Mount St. Helens is a very conquerable peak – much more so since it exploded in 1980. The blast that sent soot around the globe also shaved more than 1,300 feet off one of Washington State's iconic Cascade Peaks. It's more of a long hike than a climb up the 8,363-foot mountain, and the view from the top is as stunning as the ones that reward climbers from the peak of much more prominent and taller neighbors Mount Hood and Mount Rainier.
Still, when I spoke to a group of tourism professionals around Mount St. Helens, no one in the audience of 50 or so had ever taken the ten-mile round-trip trek to the top and back. I was shocked: How can you promote this incredible place without taking in its finest vantage? I asked who would go to the top if we picked a date to summit. After lunch, 14 people signed up – many who had never hiked more than a mole hill, most who admitted they weren't ready for an hour on a Stairmaster, never mind seven to ten hours on the side of a volcano.
St. Helens is steep, with the trail up offering almost 5,000 feet of elevation gain on five miles of terrain that varies from roots and rocks to boulders to ash. But climbers don't need to wait until the summit to receive their reward: the views – five other volcanic peaks, the Columbia River, the Pacific Ocean, plus the devastation and rebirth since the explosion – can be seen much of the way.
I believe every person has his or her own Mount Everest. For some people, it's Mount Everest, for others, it might be Mount St. Helens, for many it might be the hill in the park across town. Bottom line, for a few this would be easy; for some, the highest mountain they would ever climb. “The 14” committed to getting ready for the St. Helens assent by walking with weighted backpacks, taking weekly hikes on other mountain trails or using that Mount St. Helens setting on the local gym's Precor 7.2 machine.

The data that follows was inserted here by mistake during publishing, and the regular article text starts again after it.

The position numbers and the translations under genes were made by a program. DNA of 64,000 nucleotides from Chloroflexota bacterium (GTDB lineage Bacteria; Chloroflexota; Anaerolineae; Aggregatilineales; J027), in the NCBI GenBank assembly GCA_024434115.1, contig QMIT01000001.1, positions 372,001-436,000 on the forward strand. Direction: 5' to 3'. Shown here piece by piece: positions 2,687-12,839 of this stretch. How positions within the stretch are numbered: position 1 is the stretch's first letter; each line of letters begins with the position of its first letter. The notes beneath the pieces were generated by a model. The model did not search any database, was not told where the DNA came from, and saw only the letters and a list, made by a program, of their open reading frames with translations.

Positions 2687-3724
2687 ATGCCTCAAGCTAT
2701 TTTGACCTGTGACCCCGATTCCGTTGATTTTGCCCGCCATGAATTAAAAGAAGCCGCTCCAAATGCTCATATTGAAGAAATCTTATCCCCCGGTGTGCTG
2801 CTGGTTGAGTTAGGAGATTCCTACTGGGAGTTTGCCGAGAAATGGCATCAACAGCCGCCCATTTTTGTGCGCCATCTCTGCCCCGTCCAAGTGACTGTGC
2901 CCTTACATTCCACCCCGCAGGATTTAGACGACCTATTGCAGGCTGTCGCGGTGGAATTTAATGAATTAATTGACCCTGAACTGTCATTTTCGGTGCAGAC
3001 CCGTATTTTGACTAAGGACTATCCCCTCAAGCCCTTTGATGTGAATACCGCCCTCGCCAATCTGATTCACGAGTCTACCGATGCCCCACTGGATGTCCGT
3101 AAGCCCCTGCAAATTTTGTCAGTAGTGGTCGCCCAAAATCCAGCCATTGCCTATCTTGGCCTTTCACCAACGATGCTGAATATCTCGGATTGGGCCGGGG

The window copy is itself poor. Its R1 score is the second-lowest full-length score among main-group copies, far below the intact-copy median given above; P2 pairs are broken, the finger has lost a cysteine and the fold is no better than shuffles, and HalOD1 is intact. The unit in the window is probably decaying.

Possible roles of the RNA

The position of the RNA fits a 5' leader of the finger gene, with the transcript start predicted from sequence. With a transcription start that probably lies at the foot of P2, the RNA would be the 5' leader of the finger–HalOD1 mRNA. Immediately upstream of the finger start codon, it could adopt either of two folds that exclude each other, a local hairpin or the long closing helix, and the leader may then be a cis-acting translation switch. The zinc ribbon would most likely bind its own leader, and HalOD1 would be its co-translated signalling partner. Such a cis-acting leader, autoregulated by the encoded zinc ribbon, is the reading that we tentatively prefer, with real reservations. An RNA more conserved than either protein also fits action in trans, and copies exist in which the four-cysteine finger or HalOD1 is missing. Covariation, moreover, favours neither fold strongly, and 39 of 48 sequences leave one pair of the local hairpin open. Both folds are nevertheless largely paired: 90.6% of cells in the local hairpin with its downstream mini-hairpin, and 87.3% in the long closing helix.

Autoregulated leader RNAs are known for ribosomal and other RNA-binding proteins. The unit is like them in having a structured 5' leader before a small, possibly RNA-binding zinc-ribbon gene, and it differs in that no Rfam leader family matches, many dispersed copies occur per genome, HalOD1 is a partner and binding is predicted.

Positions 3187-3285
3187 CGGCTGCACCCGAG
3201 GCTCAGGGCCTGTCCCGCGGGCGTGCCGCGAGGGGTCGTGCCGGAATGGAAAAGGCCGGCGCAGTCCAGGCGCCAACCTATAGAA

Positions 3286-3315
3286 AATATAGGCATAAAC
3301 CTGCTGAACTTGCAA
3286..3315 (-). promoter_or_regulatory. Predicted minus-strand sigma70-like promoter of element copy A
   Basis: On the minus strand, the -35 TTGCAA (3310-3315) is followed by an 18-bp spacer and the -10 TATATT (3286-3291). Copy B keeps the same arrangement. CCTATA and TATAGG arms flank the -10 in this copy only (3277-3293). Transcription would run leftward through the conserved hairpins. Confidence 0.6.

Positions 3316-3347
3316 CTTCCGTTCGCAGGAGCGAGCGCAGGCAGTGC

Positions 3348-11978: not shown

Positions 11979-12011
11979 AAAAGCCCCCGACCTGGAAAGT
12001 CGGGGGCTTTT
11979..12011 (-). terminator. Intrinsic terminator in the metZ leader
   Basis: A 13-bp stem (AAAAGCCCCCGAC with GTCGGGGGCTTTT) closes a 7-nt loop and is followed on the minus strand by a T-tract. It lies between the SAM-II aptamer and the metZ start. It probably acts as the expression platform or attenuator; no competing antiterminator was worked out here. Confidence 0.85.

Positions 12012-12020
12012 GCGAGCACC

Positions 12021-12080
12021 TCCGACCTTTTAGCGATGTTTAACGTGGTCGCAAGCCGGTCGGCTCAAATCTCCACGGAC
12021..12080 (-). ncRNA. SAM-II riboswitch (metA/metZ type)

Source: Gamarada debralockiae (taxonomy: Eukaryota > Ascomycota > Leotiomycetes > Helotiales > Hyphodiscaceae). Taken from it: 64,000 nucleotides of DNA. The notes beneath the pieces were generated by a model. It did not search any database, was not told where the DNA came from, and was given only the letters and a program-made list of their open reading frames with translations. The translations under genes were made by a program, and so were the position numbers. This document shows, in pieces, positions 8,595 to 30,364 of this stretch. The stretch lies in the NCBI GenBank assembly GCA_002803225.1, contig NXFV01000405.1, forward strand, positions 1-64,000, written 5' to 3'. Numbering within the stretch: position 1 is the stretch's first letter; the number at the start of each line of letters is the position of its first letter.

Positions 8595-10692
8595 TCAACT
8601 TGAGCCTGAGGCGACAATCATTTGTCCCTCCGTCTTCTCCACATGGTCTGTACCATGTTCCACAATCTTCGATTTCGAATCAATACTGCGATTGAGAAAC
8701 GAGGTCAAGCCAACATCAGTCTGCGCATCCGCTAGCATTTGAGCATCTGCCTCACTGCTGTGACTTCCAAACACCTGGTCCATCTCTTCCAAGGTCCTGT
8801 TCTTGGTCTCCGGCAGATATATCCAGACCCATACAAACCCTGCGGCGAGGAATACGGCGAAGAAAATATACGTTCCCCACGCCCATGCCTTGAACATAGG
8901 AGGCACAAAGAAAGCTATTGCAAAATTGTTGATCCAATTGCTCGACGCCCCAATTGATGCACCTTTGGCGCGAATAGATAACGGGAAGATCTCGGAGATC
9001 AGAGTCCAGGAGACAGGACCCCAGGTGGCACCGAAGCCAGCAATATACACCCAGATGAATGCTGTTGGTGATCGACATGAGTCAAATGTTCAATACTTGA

After a hearty breakfast at camp, a friend and I led the well-prepared hikers from the forested trailhead toward the top. Atop soft roots and soil, beneath a canopy of fir trees, we knew in the first 100 yards that it was a big win just to have 14 people commit to do something at a luncheon, then show up three months later ready to do it! Our role was really mostly camaraderie, but it evolved as we climbed. We packed band aids for blisters, extra water, extra protein . . . and used it all.
Way before the hikers arrived on the ledge of St. Helens to see the newly forming volcano in the massive crater below, I think we heard “I can't believe I've never done this before” 14 times. The hikers arrived at the summit at different times, in varying degrees of elation and exhaustion . . . but the reaction was always the same: awe, and more passion ahead for what they promote everyday. To me, the most obvious thing was that the hardest part wasn't the hike itself.
It was simply getting hard-working tourism folks to open their calendars, find a day, and write: FIELD TRIP. Weren't field trips the best part of school? Why don't we take them now? Sure, too busy. Too busy until you actually take one and realize . . . I need to do this more often.